For larger classes, you can write the word on the board so that they don't forget what it is. Get the student or team who are guessing to come back, standing or sitting with their back facing the board. Write the word above their head.
They then have to ask questions to try and guess the word. The questions must only have yes/no answers. For example, "Does it live in the ocean?" is fine whereas "Where does it live?" is not.
Depending on the students' level, you can choose a variety of nouns for this game. Lower-level classes will get by with animals or basic household items, whereas very high-level students can be challenged with abstract nouns or concepts.
This word game can be played quickly by speaking, or you can take longer with it with higher-level groups. This guide will explain both ways.
How to Play (Quick Version)
Similarly to Word Tennis, this game is completely oral. Choose any English word and start with it. The other team or student says a word beginning with the last letter of the previous word. For example, if you said "English," they have to come up with a word beginning with H.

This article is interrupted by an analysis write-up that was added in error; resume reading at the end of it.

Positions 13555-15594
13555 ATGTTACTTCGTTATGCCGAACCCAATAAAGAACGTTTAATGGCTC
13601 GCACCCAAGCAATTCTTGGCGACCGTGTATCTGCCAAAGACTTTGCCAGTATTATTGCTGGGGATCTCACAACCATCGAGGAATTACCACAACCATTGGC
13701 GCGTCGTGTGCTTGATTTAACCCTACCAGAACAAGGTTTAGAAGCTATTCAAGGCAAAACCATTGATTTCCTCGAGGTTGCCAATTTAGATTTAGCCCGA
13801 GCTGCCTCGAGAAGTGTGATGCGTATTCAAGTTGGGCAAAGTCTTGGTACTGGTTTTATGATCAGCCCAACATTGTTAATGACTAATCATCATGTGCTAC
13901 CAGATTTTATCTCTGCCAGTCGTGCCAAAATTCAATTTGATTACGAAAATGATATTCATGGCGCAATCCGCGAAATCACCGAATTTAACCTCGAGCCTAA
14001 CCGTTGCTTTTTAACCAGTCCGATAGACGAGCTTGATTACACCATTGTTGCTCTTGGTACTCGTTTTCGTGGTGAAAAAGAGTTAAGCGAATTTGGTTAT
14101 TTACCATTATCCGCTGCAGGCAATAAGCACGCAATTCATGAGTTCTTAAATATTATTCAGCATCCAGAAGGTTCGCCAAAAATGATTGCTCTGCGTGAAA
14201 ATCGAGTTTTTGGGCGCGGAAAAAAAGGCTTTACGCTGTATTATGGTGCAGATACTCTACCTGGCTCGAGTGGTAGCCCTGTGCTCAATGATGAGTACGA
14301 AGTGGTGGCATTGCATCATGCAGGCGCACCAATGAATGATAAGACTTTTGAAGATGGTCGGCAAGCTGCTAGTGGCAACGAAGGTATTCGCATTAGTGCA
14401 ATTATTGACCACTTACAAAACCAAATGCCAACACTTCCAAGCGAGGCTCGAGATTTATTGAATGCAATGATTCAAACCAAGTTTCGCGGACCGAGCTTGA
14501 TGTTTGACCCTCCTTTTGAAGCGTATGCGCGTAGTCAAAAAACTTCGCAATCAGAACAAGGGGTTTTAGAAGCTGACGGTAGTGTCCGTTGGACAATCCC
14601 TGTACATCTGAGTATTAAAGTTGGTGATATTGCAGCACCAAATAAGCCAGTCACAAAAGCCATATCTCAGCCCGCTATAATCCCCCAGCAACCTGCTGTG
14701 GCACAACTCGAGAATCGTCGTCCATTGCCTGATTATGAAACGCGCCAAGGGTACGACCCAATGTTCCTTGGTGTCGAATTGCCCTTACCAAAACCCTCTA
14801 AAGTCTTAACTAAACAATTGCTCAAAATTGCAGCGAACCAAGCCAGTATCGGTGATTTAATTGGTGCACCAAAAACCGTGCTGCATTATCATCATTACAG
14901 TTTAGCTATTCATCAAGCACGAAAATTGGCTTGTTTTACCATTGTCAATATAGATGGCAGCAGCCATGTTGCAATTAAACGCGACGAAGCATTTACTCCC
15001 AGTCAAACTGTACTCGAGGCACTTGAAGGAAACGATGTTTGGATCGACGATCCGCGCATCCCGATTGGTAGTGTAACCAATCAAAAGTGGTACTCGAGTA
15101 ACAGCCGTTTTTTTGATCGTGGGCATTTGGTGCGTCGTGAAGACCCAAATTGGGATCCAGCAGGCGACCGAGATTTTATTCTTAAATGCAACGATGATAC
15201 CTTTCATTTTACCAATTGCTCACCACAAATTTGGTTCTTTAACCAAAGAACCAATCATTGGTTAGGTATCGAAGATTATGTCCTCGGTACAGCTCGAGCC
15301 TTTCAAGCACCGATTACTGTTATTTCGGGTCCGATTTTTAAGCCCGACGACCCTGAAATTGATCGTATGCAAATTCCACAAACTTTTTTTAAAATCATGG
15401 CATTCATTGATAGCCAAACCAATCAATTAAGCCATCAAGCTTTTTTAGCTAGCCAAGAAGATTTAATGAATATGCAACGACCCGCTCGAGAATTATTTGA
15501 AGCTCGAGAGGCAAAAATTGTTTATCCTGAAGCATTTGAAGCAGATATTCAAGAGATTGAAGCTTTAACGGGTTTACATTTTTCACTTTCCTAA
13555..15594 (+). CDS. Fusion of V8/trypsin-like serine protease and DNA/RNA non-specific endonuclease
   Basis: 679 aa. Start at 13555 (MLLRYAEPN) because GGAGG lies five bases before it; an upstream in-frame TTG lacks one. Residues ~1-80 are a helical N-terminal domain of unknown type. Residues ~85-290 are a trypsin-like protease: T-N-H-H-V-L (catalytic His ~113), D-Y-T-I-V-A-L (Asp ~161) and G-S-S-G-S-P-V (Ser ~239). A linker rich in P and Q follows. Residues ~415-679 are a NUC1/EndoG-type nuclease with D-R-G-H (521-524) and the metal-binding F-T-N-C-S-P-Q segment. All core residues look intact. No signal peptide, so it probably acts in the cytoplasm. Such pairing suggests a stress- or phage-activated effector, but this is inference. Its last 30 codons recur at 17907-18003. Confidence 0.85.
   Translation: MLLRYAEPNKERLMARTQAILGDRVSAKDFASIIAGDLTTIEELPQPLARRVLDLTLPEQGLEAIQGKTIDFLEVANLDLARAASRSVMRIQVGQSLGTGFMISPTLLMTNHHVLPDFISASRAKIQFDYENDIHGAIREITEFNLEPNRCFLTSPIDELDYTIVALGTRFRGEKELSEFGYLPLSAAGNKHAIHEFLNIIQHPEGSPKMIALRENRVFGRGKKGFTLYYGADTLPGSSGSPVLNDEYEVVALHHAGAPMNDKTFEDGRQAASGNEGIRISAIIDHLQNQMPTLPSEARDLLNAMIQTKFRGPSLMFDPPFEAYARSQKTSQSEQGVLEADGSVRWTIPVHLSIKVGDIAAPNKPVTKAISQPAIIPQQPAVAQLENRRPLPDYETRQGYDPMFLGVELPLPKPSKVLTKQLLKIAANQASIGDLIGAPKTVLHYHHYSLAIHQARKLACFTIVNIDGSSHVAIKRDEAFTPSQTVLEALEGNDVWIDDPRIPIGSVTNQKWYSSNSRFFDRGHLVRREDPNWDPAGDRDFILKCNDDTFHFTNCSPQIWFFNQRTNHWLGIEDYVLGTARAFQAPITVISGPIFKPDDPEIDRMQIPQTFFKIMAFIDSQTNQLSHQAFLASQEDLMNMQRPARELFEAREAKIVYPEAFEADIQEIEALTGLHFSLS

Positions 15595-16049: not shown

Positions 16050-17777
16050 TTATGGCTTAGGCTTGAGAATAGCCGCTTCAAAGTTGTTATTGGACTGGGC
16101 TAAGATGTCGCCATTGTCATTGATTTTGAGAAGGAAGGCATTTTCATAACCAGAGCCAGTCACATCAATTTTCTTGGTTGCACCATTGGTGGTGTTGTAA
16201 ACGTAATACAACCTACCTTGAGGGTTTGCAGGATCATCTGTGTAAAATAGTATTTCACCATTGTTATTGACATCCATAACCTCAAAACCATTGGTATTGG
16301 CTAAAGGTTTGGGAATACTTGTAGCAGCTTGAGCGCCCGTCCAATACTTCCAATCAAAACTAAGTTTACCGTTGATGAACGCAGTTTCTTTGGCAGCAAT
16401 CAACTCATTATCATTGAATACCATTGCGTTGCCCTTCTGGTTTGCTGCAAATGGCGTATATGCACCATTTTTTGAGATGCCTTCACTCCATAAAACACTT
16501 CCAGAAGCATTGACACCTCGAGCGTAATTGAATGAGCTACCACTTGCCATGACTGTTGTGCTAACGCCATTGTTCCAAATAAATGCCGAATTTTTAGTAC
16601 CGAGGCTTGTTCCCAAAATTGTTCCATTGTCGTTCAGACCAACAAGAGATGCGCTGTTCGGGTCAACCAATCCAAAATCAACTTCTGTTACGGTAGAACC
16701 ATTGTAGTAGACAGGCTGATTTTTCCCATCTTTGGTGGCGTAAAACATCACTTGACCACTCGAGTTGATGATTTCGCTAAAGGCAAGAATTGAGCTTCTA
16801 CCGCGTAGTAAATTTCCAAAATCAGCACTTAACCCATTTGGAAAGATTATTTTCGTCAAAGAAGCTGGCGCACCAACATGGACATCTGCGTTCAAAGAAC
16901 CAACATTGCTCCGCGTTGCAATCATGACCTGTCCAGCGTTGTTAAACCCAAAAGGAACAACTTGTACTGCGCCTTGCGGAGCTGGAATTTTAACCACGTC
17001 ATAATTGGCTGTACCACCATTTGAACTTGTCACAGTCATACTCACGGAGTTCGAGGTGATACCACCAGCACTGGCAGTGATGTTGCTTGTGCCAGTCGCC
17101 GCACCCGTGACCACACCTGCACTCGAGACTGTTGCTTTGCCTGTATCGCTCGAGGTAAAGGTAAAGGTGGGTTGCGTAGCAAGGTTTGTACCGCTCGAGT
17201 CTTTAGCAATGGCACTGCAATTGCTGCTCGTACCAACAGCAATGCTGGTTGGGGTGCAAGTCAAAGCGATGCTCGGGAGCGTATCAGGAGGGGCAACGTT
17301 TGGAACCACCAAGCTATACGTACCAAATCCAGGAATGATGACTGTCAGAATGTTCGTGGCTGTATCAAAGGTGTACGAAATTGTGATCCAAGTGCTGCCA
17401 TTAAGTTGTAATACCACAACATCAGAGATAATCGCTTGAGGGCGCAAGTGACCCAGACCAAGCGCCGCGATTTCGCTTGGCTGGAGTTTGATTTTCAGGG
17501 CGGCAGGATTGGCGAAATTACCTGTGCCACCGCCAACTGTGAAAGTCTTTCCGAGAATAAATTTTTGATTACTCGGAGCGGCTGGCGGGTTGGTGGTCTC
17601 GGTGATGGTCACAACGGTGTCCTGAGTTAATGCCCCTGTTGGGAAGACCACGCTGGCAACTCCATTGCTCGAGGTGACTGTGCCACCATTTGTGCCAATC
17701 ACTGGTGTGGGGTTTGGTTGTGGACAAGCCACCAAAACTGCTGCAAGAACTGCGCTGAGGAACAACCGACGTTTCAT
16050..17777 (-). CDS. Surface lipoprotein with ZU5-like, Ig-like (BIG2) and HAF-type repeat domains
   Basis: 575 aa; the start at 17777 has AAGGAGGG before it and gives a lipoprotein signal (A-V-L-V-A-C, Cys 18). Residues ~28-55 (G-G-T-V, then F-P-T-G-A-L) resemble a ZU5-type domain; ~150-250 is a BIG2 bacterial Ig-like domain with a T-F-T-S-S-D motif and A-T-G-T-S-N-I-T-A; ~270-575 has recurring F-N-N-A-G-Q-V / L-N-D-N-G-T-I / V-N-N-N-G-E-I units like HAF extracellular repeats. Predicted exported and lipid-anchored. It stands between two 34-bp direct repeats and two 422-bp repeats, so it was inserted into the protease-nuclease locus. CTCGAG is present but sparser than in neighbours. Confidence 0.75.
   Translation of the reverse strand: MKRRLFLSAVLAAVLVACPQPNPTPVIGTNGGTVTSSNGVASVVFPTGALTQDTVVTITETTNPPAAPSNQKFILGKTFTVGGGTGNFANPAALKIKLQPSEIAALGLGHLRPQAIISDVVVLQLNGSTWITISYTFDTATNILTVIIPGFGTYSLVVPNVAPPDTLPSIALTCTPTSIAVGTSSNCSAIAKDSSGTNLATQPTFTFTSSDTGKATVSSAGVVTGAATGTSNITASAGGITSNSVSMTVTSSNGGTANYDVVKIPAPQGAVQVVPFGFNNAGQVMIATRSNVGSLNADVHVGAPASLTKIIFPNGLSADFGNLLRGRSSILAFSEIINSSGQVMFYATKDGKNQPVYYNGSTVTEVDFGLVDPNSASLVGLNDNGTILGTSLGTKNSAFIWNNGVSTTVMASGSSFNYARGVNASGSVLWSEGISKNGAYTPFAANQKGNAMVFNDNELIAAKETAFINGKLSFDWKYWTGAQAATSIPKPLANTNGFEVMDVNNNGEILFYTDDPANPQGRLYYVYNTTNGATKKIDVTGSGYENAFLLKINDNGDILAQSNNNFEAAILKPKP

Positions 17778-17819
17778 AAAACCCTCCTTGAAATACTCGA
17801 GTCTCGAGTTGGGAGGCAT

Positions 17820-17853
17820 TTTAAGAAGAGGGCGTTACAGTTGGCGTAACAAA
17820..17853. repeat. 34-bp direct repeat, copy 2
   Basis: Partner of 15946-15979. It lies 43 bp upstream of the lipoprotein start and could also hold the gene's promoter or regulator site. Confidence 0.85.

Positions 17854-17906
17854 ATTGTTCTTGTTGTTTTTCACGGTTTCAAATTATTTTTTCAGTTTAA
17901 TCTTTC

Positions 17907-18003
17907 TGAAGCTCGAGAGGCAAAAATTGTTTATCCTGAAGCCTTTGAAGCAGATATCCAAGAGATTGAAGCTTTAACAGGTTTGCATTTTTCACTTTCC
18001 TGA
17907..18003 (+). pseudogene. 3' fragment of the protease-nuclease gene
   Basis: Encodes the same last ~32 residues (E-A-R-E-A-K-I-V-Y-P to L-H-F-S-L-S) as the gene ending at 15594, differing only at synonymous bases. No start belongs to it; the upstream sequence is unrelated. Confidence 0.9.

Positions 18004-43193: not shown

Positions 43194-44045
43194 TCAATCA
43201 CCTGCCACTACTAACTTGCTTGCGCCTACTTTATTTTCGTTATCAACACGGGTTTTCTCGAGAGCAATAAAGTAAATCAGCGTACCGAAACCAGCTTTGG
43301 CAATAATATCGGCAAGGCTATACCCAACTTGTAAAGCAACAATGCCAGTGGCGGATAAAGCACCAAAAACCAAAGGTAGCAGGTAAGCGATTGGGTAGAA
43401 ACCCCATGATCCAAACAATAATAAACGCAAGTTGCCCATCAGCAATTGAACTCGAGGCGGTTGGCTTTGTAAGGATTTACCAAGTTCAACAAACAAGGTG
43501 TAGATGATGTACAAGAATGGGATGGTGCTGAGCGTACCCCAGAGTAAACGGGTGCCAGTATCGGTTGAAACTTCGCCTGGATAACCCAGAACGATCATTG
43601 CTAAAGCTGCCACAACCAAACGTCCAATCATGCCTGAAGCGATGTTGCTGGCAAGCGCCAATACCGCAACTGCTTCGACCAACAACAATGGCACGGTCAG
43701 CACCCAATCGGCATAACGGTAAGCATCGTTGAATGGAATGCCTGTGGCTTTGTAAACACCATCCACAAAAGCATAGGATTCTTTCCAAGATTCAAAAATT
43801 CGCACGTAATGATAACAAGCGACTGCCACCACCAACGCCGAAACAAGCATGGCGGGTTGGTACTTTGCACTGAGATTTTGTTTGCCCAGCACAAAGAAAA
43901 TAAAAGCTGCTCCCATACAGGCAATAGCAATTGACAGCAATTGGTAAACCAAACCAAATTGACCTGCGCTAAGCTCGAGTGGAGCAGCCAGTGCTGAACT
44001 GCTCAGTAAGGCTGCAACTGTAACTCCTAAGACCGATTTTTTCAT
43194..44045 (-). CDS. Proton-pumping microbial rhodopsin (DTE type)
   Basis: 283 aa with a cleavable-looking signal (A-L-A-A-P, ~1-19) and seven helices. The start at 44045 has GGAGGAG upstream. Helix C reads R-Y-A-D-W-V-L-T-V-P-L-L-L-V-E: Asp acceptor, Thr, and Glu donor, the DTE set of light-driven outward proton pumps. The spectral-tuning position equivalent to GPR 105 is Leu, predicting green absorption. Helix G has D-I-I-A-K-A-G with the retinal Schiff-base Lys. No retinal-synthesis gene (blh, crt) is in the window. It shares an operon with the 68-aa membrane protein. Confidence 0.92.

Go back and forth until someone repeats a word or they take too long to answer. A point is rewarded to the other team.
How to Play (Long Version)
If you have some time on your hands and want a challenge for your students, you can make this game oral. You'll need a board and at least two pieces of chalk or markers.
Divide the class into two teams, or two students (though this game is better with groups). Divide the board with a straight line and write a word at the top of each section (make sure they end in different letters). After you start the timer, the students have to take turns in their teams to write a chain of words following the last-letter rule. After the time is up (around 3-5 minutes is fine depending on the class size), get them to sit down.
Count all of the words they've written down and award a point for a correct word with the right spelling. Don't give a point for repeated words, unintelligible scribbles, or wrong spellings.
If you really want to challenge them, ask the teams to come up with a story using as many of their words as possible. The story can be as silly as they like as long as they use the words they wrote. After that, you can count up their points again with the vocabulary items they managed to use in their story.
Games and activities keep your students on their toes, encourages them to use speed and creativity to come up with the answers, and gives them encouragement when they win a game. These games are best for junior high school and above and most are best with groups, but feel free to adjust them to fit your own classes. If English is fun, they'll enjoy it much more!